The longer I live, the more right he seems. At the beginning of the 20th Century, much was written about how the World was on the cusp of its greatest Golden Age. Science, Technology, Learning were leaping ahead at a record pace. The end of war and disease and poverty were practically in sight, or so it was thought.

A look back at the last 100 years shows a much different picture. We have seen 2 world wars, the rise of totalitarian governments, the use of weapons of mass destruction, new diseases and behaviour related health problems. We are trying to destroy the earth and sea and all that is in them. What happened? Well we did. We, the human race. We, all of us. Original Sin erupted and continues to erupt in our persistent proclivity for messing up a good thing.

What we do on Memorial Day is weep for those who lost their innocence and perhaps their lives in the service of their country.

My Daddy lived until he was 80. Until he went to the hospital a week or so before he died, he lived in the house he was born in.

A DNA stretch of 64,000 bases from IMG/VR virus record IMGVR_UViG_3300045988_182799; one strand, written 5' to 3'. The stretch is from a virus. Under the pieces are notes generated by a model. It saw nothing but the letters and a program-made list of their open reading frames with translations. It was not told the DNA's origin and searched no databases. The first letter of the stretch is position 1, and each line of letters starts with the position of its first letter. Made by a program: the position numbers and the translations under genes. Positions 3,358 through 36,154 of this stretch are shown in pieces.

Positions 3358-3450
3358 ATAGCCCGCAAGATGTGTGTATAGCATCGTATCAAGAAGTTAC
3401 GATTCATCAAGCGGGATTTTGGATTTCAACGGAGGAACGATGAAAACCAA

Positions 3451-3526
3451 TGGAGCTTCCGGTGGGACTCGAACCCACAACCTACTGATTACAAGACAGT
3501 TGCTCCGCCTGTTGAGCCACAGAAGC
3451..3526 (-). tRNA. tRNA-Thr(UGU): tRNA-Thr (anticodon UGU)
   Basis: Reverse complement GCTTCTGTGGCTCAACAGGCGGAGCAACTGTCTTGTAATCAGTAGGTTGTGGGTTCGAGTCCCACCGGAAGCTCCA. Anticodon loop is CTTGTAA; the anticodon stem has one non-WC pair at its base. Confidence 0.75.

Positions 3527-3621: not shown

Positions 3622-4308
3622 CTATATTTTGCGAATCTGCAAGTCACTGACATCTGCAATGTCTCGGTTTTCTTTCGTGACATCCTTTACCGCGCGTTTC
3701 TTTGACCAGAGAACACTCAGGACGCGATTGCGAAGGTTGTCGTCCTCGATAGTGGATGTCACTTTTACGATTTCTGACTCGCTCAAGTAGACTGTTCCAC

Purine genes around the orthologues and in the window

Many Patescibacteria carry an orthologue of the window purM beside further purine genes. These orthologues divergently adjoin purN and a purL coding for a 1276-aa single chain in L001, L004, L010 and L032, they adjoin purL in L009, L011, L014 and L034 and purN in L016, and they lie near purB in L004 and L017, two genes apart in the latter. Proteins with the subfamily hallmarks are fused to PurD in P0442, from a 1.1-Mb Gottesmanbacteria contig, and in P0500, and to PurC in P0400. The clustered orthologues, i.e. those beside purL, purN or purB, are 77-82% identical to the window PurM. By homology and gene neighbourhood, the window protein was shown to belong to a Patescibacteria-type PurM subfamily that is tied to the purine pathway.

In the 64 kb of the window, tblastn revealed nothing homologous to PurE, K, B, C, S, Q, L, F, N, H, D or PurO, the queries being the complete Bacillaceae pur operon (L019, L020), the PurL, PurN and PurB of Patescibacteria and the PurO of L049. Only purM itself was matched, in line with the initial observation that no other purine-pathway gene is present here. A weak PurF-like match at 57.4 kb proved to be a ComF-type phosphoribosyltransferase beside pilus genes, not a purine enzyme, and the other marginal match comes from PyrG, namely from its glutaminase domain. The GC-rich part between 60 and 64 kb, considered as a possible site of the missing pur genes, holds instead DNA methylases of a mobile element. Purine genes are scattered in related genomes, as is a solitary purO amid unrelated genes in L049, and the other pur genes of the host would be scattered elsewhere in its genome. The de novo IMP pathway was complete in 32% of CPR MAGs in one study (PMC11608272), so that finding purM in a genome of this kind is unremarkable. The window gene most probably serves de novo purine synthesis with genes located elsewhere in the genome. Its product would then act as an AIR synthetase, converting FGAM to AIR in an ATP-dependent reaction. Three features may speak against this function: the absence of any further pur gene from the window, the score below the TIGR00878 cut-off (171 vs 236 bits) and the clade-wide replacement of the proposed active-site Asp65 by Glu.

The only time he spent any real time away from there was when he was in Europe in WWII. He never told us much about it. Until the last year of his life, and then in bits and pieces. Buddies who were there and then blown up, little French and German children stepping on mines or begging for food. As I sat at that kitchen table, listening to him talk, coffee cup in one hand and cigarette in the other, I began to understand his years of staring into the distance, the emotional distance, the stoic devotion to duty.

And as he began to weep, his 80 year old shoulders going up and down, as he cried for someone named Willie from Oklahoma, I cried for Willie and Daddy and millions of others, American and English and French, Korean and Vietnamese and Iraqi and Afghan and all those caught up in the senselessness and pain.

On Memorial Day, we remember and weep and commit ourselves anew to going into the world with the light and love of Christ.


Tuesday, May 16, 2006

The Sixth Sunday of Easter: RCL texts for May 21, 2006

Acts10:44-48, I JOhn 5:1-6, John 15:9-17